By Mary Lou Greenberg
Gender-blind spots in assessing the HIV/AIDS epidemic today are key factors in today’s deadly ignorance about the fastest growing segment of the HIV/AIDS population — women.
The media adds to the misogyny at the risk of women’s health. Reporting in June from New York and Britain are but the latest examples.
British publication says no problem
A June 8, 2008 article in the British newspaper, The Independent announced in its headline that the “threat of world AIDs pandemic among heterosexuals is over.”
But the growing feminization of the HIV/AIDS pandemic caused overwhelimingly by heterosexual transmission, as described in the series of articles, BLOWBACK HITS WOMEN HARD, in this edition of On The Issues Magazine Online is largely missing.Women are invisible in the Independent reporting. The publication quotes, with little probing,Kevin de Cock, the head of the WHO’s department of HIV/AIDS as saying that “it is very unlikely there will be a heterosexual epidemic in other countries [outside of Africa].” (As if Africa doesn’t count!)
On the Issues Magazine edition on HIV-AIDS reported that in the U.S. HIV/AIDS is the leading cause of death among black women ages 25 to 34, that women represent 27 percent of new cases (a threefold increase since the disease was first identified), and that more than four-fifths of new HIV infections in women result from sex with a husband or primary partner.
A joint release from UNAIDS and WHO after the Independent article appeared criticized the paper for “seriously misleading statements that have led to inferences and conclusions that bear no relation to the highly complex realities of the HIV epidemic.” (An understatement, to say the least.) The correction stated that “worldwide, HIV is still largely driven by heterosexual transmission” and that “heterosexual transmission continues to drive the epidemic among sex workers, their clients, and their clients’ partners, and pointed out that in sub-Saharan Africa almost 60 percent of adults living with HIV were women, 48 percent in the Caribbean.”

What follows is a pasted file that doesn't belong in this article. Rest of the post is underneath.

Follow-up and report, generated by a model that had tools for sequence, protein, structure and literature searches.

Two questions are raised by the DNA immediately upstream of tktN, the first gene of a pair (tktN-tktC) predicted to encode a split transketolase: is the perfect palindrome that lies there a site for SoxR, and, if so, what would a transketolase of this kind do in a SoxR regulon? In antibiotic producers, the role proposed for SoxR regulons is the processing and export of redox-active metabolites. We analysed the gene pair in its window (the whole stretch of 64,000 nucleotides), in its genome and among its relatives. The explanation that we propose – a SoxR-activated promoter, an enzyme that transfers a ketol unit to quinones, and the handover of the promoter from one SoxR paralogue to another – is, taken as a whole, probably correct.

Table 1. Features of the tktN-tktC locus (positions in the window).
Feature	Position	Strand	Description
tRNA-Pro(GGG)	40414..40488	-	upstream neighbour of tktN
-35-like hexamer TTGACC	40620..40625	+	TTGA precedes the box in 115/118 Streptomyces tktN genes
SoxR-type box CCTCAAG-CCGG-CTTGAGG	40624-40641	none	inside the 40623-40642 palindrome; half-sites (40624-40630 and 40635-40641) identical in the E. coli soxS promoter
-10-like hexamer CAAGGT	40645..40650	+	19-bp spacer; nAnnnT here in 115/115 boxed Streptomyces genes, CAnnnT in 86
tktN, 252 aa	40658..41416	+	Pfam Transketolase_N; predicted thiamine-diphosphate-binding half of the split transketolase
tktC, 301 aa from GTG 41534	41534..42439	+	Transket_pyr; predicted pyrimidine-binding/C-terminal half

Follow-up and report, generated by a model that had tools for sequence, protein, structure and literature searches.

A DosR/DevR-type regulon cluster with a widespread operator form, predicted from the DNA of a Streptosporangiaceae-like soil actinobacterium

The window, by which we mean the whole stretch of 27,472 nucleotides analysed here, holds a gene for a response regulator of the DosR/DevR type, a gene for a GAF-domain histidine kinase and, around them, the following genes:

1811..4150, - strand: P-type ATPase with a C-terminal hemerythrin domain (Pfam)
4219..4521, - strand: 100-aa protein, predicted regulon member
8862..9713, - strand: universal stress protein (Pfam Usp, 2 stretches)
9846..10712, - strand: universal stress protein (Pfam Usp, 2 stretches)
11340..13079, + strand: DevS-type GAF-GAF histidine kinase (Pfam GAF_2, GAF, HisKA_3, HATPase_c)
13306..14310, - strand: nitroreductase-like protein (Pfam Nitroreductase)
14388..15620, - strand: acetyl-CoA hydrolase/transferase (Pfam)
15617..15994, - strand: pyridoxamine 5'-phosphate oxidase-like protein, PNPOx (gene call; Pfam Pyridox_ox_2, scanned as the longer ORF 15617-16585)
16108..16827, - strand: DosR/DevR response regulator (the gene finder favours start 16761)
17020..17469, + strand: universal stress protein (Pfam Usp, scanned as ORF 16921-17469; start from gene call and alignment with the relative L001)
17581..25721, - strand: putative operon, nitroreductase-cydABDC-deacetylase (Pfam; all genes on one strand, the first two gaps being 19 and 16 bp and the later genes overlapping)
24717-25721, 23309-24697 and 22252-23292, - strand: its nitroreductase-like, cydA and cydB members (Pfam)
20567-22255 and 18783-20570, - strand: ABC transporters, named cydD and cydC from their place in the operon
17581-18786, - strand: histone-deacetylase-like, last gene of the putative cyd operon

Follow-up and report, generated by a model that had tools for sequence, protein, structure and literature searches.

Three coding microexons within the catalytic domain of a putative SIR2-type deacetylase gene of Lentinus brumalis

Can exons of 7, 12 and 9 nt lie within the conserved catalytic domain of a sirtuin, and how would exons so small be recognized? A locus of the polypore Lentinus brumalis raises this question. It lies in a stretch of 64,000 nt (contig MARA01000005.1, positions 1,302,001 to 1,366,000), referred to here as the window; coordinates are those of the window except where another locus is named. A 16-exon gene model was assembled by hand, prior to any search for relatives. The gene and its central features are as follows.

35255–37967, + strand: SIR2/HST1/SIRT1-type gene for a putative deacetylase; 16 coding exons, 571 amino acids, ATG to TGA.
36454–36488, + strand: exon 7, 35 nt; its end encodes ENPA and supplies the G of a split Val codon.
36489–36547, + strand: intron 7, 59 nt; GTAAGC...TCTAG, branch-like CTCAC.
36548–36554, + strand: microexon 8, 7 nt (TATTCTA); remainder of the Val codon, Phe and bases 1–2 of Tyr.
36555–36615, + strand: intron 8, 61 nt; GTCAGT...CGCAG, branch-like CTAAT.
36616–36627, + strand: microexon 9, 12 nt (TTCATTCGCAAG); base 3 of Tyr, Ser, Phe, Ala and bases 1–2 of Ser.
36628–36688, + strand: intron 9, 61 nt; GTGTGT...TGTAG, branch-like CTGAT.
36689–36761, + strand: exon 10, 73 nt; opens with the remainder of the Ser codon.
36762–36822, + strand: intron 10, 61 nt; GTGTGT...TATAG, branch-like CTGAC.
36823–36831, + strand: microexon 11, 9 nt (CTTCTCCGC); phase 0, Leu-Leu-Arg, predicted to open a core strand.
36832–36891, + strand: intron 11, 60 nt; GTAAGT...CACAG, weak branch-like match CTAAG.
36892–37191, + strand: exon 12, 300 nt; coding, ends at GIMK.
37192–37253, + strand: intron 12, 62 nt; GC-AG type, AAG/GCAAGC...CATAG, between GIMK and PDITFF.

The Independent reported the WHO release as the result of “a backlash” for the organization but ignored the criticisms of its reporting. Other media outlets played up the original Independent article, didn’t read the WHO report and ignored the correction altogether.
Even the response by WHO did not go nearly far enough in calling attention to the rapid increase of female infections in the U.S. and other countries, matters that desperately need headlines.
As Dazon Dixon of SisterLove said in the article, In The U.S. AIDS Spreads Rapid-Fire and Crosses the Gender Divide by Molly Ginty in On The Issues Magazine many heterosexual women “don’t take steps to protect themselves because they don’t even know they’re at high risk,” thinking they’re in monogamous heterosexual relationships. Less than a third of U.S. women discuss HIV with their spouse or partner, according to the American Foundation for AIDS Research.
New York Magazine Erases Women
Media reports like the article in the June 16 New York Magazine are part of the problem.With a headline “Who Still Dies of AIDS, And Why,” the article by Gary Taubes describes how the HAART cocktail can prolong life so that patients with HIV/AIDS can “live a normal life expectancy,” but that many are still dying.
Unfortunately, New York Magazine also gives scant mention to women – and the biological, political and social inequalities that make women especially vulnerable to heterosexual transmission and more likely to die from AIDS because of late testing and other factors.The article noted only that “women account for almost one in three of total AIDS deaths.” And that was it! Although the stories of some people with HIV-AIDS are included, not a single woman is mentioned.
By all-but-erasing women from the picture, such articles promote dangerous misconceptions about the prevalence of heterosexual transmission.Such erasure contributes to the deaths of thousands of women each year from a preventable and treatable disease.
In today’s world, Silence = Women’s Death. Let me add that media silence due to gender bias and misogyny is intolerable.
Mary Lou Greenberg is associate editor of On The Issues Magazine.